Editorial articles

Trickle down trash

The destructive nature of the Lebanese never ceases to bewilder. While we claim to be the most civilized nation in the Levant, we have managed to slowly hollow out our mountains, toxify our rivers, turn our seaside into landfills, and contaminate our air with heavy metals and cancerous fumes—and we do not even care. With

Pursuit of excellence

The vicious survival cycle that Lebanese corporates are stuck in comes at a price. To sustain their existence, they have to constantly bend the rules and outsmart the system, while suffering the inefficiencies and lack of vision that come from the absence of the state. In short, corporates adhere to a short-term management style, winging

Break the chains

Watching the fifth masquerade of national elections since my return to Lebanon, I cannot help but recall Amin Maalouf’s masterpiece, “The Rock of Tanios.” In Maalouf’s tale there is an Ottoman sheikh of a mountain village who collects taxes and recruits the able to fight the empire’s wars. In return for his allegiance to the

L’espoir fait vivre

On March 27, before addressing an auditorium filled with our best scholars, academics, researchers, journalists, intellectuals, and experts who have dedicated their lives for this nation, I asked if any of them was granted access to or had seen or even touched one page of the Capital Investment Plan (CIP) CEDRE project—the answer was a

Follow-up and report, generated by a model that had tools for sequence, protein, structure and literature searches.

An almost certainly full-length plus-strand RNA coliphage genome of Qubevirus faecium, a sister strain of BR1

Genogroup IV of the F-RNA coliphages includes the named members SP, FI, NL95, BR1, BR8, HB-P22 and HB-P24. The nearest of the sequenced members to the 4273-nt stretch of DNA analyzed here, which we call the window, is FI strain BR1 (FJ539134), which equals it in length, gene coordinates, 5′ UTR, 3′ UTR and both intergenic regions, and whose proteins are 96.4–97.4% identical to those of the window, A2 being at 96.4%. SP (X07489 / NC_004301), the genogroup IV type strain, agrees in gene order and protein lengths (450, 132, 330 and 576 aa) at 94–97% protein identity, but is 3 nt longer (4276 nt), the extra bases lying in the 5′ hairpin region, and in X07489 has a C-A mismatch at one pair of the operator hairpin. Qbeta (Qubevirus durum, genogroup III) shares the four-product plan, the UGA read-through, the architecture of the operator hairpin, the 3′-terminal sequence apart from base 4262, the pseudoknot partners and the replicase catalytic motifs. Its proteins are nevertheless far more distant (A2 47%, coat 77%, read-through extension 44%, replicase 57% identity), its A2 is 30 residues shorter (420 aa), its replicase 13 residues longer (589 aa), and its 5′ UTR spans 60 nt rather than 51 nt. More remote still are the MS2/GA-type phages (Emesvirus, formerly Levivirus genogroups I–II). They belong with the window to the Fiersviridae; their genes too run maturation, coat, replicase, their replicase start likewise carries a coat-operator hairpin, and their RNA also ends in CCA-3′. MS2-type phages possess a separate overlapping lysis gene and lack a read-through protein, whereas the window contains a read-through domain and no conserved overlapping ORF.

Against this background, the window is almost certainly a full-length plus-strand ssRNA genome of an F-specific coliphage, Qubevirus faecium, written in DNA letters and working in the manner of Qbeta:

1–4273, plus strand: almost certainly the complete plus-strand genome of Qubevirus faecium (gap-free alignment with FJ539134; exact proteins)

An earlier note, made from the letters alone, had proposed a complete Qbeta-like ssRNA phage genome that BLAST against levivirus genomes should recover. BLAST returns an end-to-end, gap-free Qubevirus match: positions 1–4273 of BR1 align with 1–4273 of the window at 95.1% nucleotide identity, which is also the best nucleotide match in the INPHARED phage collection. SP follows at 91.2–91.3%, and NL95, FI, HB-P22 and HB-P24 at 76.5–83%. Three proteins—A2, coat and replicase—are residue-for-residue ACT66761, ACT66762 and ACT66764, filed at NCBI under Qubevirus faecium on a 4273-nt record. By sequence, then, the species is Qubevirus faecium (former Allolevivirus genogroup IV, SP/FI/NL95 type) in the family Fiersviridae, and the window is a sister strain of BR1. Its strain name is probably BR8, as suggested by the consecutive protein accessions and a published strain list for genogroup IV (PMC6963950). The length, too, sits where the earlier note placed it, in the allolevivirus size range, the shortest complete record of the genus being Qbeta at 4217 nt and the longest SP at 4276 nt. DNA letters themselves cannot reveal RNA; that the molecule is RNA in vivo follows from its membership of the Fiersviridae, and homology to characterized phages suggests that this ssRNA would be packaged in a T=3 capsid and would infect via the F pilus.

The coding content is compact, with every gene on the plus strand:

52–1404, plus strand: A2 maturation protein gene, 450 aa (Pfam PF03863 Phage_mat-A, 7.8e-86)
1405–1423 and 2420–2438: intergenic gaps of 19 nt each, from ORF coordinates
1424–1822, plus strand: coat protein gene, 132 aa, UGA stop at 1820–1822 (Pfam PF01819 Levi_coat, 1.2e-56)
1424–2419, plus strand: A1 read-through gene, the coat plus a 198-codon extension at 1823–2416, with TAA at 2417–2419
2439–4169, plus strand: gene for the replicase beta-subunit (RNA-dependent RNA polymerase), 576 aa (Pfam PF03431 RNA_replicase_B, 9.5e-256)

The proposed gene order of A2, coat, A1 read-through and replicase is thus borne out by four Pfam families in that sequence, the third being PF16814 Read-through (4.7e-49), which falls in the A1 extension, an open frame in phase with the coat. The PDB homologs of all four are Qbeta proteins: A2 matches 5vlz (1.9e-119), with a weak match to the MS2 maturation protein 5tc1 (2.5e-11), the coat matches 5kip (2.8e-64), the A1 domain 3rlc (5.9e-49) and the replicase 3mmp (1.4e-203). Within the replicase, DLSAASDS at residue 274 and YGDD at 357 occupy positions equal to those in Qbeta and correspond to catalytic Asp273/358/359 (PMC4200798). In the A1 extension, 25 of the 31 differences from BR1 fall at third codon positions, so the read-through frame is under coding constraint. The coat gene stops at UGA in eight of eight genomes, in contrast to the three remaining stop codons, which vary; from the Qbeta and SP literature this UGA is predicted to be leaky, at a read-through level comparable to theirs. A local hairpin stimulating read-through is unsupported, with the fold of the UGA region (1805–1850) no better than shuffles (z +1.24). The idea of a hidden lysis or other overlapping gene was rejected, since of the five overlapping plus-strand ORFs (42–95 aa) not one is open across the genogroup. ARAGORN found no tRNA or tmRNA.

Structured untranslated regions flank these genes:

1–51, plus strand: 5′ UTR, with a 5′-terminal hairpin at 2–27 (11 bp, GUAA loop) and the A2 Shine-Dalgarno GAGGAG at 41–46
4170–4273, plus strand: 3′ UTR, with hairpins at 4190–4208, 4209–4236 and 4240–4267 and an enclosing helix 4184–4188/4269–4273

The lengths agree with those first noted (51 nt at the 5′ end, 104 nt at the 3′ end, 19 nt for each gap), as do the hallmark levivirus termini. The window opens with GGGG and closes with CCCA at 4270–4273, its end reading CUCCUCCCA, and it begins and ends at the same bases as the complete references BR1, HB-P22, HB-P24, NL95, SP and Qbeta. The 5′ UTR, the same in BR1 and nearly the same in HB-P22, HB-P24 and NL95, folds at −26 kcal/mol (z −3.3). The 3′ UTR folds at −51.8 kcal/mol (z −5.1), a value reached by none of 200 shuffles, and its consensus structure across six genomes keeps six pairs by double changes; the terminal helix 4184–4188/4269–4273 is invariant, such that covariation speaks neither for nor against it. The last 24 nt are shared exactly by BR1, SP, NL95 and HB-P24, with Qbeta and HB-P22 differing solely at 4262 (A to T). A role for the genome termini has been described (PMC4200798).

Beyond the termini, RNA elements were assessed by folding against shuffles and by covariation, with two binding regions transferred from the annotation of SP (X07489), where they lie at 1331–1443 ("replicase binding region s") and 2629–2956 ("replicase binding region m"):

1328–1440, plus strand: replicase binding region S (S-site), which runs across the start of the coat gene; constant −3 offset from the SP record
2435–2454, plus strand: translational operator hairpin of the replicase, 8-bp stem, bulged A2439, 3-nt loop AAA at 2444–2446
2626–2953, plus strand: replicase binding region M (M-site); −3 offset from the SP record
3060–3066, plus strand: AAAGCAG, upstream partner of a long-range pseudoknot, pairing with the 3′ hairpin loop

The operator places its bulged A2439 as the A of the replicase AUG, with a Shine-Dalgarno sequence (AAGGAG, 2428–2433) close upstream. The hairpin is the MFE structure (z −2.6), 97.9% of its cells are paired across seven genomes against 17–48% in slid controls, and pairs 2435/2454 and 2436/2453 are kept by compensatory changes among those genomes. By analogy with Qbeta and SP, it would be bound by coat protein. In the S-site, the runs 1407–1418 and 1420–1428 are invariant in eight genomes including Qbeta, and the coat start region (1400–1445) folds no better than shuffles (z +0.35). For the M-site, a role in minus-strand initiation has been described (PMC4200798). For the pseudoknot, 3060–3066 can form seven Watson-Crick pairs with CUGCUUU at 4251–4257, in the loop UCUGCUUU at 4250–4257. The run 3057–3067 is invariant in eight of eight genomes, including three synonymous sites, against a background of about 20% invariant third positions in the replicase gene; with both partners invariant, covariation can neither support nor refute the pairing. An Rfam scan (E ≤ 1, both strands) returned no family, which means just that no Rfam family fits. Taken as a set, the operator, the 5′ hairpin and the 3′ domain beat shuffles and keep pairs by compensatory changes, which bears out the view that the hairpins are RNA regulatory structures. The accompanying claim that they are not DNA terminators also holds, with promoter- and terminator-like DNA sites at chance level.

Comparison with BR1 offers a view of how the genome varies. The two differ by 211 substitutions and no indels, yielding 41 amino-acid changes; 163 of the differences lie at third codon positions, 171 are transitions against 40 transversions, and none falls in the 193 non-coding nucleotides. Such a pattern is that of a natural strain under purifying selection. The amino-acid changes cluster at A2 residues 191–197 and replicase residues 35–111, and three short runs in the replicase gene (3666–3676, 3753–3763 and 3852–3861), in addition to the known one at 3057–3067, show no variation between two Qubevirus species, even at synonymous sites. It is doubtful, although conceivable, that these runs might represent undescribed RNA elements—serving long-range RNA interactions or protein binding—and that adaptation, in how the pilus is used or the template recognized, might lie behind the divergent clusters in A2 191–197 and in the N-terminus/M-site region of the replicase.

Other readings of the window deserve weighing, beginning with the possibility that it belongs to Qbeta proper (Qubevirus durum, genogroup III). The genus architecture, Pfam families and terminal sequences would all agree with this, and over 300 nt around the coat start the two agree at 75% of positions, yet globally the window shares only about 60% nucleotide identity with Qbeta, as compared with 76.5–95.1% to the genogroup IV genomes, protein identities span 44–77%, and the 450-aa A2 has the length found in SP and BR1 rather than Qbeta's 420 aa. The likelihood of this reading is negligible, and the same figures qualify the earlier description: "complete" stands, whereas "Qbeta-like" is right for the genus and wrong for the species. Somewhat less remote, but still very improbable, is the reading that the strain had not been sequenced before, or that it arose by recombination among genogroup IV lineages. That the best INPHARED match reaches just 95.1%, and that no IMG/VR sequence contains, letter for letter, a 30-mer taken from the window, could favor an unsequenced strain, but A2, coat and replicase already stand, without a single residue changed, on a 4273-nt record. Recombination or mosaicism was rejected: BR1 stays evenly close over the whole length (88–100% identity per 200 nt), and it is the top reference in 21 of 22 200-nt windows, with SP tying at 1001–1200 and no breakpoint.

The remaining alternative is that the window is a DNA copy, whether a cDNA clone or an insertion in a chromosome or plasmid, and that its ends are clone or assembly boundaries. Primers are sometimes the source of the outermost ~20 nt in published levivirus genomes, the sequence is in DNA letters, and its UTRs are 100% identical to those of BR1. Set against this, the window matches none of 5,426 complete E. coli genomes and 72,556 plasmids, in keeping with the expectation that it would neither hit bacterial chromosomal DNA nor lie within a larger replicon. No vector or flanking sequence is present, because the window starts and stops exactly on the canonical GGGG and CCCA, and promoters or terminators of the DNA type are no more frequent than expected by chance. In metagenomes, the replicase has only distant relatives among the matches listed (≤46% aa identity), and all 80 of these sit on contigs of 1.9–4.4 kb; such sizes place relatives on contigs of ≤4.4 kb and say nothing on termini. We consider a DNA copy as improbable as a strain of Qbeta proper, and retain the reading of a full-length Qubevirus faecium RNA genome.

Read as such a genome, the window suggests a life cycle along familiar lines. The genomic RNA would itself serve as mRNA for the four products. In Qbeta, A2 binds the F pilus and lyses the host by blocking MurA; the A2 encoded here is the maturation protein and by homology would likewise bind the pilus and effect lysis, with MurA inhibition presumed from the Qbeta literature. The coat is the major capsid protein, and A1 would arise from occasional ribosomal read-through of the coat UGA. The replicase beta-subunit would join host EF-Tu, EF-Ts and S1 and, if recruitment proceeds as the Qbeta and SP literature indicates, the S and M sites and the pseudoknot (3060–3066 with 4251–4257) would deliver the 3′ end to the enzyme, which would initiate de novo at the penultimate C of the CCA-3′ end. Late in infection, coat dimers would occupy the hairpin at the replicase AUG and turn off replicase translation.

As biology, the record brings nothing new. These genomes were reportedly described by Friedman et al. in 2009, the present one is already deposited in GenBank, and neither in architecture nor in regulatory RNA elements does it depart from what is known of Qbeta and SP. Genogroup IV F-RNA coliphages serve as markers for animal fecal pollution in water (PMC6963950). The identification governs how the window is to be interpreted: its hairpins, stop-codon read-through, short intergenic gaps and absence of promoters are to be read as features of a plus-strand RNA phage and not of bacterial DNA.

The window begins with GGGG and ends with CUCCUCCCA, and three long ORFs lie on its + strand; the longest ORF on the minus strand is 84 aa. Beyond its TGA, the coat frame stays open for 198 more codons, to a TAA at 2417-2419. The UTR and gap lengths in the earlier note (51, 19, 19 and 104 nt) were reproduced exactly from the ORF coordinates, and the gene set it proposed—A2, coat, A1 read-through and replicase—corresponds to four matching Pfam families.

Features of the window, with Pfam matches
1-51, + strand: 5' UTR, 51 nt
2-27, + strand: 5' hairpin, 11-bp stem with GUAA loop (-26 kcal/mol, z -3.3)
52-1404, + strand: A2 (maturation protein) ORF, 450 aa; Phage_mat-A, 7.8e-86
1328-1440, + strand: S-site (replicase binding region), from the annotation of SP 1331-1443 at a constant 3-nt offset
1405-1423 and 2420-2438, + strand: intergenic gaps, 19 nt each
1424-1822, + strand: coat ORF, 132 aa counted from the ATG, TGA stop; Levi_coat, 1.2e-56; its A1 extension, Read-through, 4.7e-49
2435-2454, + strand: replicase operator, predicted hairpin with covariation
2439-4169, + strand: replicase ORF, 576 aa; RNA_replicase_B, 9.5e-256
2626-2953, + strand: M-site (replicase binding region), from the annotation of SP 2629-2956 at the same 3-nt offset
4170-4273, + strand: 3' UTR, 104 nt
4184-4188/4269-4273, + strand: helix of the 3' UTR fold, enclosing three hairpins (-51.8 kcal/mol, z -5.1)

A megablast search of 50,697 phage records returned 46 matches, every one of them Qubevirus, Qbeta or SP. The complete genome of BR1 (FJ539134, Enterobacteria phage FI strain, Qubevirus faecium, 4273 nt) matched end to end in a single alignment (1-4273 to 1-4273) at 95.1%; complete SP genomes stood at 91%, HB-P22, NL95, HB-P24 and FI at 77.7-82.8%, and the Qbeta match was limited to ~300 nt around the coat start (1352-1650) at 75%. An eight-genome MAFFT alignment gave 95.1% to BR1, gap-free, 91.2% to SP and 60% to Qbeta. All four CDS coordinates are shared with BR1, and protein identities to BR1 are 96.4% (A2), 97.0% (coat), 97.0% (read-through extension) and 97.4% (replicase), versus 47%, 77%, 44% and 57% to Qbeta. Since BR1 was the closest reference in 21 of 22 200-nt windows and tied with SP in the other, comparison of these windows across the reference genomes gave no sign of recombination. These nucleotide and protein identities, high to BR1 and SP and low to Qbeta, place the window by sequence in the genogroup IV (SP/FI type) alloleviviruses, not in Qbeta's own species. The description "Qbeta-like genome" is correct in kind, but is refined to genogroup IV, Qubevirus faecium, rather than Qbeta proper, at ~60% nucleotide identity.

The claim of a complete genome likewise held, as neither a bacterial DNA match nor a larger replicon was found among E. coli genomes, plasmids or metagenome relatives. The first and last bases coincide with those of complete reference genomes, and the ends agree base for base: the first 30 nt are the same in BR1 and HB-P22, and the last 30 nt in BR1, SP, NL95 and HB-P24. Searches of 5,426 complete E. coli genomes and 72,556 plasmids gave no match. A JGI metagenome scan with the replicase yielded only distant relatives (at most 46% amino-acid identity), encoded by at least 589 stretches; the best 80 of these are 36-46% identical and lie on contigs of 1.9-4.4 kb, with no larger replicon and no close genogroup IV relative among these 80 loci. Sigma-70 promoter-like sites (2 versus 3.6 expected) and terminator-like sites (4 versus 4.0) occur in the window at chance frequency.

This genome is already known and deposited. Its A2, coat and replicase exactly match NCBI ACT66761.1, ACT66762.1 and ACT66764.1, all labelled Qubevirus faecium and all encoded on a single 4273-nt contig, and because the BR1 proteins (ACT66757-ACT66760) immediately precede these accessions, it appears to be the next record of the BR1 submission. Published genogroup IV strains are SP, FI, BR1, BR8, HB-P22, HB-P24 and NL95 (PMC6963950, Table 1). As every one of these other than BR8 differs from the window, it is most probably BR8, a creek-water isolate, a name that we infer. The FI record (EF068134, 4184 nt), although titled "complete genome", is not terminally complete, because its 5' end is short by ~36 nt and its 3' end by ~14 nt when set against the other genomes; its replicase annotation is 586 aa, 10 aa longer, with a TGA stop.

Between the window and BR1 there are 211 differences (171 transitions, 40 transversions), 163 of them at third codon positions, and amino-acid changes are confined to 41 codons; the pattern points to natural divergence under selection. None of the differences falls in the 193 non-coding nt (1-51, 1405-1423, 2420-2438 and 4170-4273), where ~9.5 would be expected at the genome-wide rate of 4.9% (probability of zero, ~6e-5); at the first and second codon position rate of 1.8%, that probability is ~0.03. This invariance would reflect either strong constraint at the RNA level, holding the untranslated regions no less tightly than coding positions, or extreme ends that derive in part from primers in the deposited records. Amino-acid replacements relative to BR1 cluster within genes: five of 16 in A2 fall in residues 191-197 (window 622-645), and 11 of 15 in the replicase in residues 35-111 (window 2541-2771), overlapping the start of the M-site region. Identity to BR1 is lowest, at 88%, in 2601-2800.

Mother Lebanon

Beirut is depicted as a woman by many renowned artists, like Palestinian cartoonist Naji al-Ali, who—during the 1982 Israeli invasion—drew a caricature of his iconic character Handala offering a flower through a hole in the wall to a woman that he named Beirut. She is the patient carrier of our painful history, she is the

A tale of two worlds

Lebanon’s election season has begun. With it comes hatred, spite, segregation, animosity, and the most vicious deception imaginable. Desperate to sway votes in their favor, our narrow-minded politicians have one strategy in their playbook: isolate and manipulate. Playing on ignorance and fear, they further divide our already fraught communities. Last month we witnessed just how

Enough empty promises

Their crimes must not be forgiven again. For 11 years, Lebanese politicians spent some $130 billion without an audit. To pass the 2017 budget, our lawmakers defied the constitution by promising the audit will come next year instead of now. I’m not holding my breath. Let’s not lie to ourselves: Audits can be manipulated. We

License to steal

The Ottomans taught us too well. In exchange for a minimum level of freedom, the rulers of the Empire empowered (and armed) local leaders and tasked them with collecting taxes. Policy makers and stability maintaining were the domain of the central government in Constantinople. This worked brilliantly for the Empire, but in the case of

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